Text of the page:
Alien: Resurrection is a wild departure from the tone of the previous films. Where the dirty run-down Blade Runner aesthetic of the previous films got progressively more bleak, the visuals in Resurrection seem to delight in the idea of the future. Everything is falling apart and old, sure, but it's brightly lit and colourful. This is very different from the future of run down and spartan ship designs in the earlier movies, and yet still distinct from the pristine 2001 visuals that Alien felt like an argument against. Partly this can be explained because it takes place hundreds of years after the events of Alien 3, but mostly this is just the very particular vision of the director, Jean-Pierre Jeunet.
The Alien quadrilogy of films is unique in that each one is handle by a talented director. Ridley Scott, James Cameron, David Fincher, and now Jean-Pierre Jeunet. And I think each of the films is also in a different genre. Alien was a horror movie. Aliens was a Vietnam war movie in space. Alien 3 was a prison movie. And Alien: Resurrection was a crazy French dark imaginative joyride.
Who hires the director of Amelie and Delicatessen to take the reins of an Alien movie?! And then they hire Joss Whedon to write it? Such an insane choice, but one that I'm glad they made. Because what we get is a very interesting exploration of a theme that has become pretty central to the Alien movies: Motherhood.
On the other hand, why can't we have a strong mother character without it being an attack on female autonomy? Motherhood is a part of the human experience, and is just as valid a theme for exploration in a horror movie as any other. Unfortunately, this isn't a way to further explore Ellen Ripley's character. Often in Aliens the character seems completely eclipsed and replaced with trite expressions of motherhood. Aliens is also notable for introducing the alien queen.
Alien: Resurrection plays out like Joss Whedon heard the criticisms of motherhood in Aliens and then laughed to himself and dialed it up to 11. Ripley has been cloned, and the alien queen that was growing inside of her when she killed herself has been saved. But now the two mothers are almost one and the same. Their genetics have become confused. Ripley is now more alien, stronger, more animalistic, less caring. And the alien queen has changed too, developing a human style womb rather than laying eggs.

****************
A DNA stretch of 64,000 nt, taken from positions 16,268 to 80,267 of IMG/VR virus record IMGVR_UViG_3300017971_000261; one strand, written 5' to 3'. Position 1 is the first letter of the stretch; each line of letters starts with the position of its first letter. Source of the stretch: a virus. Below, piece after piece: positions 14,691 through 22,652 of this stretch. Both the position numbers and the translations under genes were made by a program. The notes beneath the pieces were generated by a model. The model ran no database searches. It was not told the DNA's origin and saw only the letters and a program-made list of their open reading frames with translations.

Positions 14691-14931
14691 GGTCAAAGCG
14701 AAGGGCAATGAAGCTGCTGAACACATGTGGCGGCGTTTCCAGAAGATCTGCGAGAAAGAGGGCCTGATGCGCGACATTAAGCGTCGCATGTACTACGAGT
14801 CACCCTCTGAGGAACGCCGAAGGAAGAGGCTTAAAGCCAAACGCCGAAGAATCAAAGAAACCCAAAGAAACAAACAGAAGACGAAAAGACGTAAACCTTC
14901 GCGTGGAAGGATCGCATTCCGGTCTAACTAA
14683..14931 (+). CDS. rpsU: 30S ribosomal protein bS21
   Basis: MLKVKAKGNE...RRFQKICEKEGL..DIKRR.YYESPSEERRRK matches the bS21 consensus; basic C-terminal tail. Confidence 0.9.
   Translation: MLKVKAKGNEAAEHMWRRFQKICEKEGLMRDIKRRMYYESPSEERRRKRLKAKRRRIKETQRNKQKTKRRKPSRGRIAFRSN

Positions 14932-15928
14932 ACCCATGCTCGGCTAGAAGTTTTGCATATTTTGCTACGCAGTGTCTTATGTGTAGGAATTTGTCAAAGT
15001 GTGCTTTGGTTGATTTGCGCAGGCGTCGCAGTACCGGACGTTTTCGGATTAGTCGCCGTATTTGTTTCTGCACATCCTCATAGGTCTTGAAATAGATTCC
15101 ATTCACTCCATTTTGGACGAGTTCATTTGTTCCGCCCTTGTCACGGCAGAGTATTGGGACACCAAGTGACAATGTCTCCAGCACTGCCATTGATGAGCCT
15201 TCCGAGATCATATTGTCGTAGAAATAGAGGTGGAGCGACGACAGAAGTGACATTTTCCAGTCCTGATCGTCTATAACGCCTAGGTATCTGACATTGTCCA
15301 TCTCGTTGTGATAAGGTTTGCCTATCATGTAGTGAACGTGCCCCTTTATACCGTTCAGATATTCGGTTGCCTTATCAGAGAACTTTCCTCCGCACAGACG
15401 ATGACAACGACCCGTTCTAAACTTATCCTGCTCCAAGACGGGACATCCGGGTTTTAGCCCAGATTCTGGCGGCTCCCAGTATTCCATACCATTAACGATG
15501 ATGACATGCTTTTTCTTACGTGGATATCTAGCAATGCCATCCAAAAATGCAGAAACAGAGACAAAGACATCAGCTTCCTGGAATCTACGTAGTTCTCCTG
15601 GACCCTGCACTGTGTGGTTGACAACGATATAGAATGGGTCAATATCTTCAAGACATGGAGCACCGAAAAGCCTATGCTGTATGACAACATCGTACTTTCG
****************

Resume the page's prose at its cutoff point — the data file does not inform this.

Whedon has gone on record saying he hated the final movie. He doesn't like the way that Jeunet and the actors interpreted his words and ideas, and it is very clear when watching Resurrection that this is not how Joss Whedon would have done the movie. In this case, I think that's a good thing. Joss Whedon likes ideas, and he likes cleverness and layers of meaning and they serve this movie well. His re-imagining of the android type as young and idealistic is refreshing. And you can even find a group of smugglers that read like early character sketches for his TV show Firefly. But Whedon's style is also very straightforward, and Jeunet's strange and almost impressionistic visual obsession with biology and the body make this film so much more fun to watch. There's even a scene where Ripley stumbles upon a room full of early failed attempts at clones of herself, suspended in glass tanks. And, in a scene later echoed in Baldur's Gate 2, one living creature begging for death.
Alien: Resurrection is not even remotely scary, and to its credit it never tries to be. This is a deeply weird and crazy film, and well worth another viewing now that some time has passed and nobody is expecting another Aliens. This is not another Aliens, but I also think its unlikely we'll ever see another Alien Resurrection.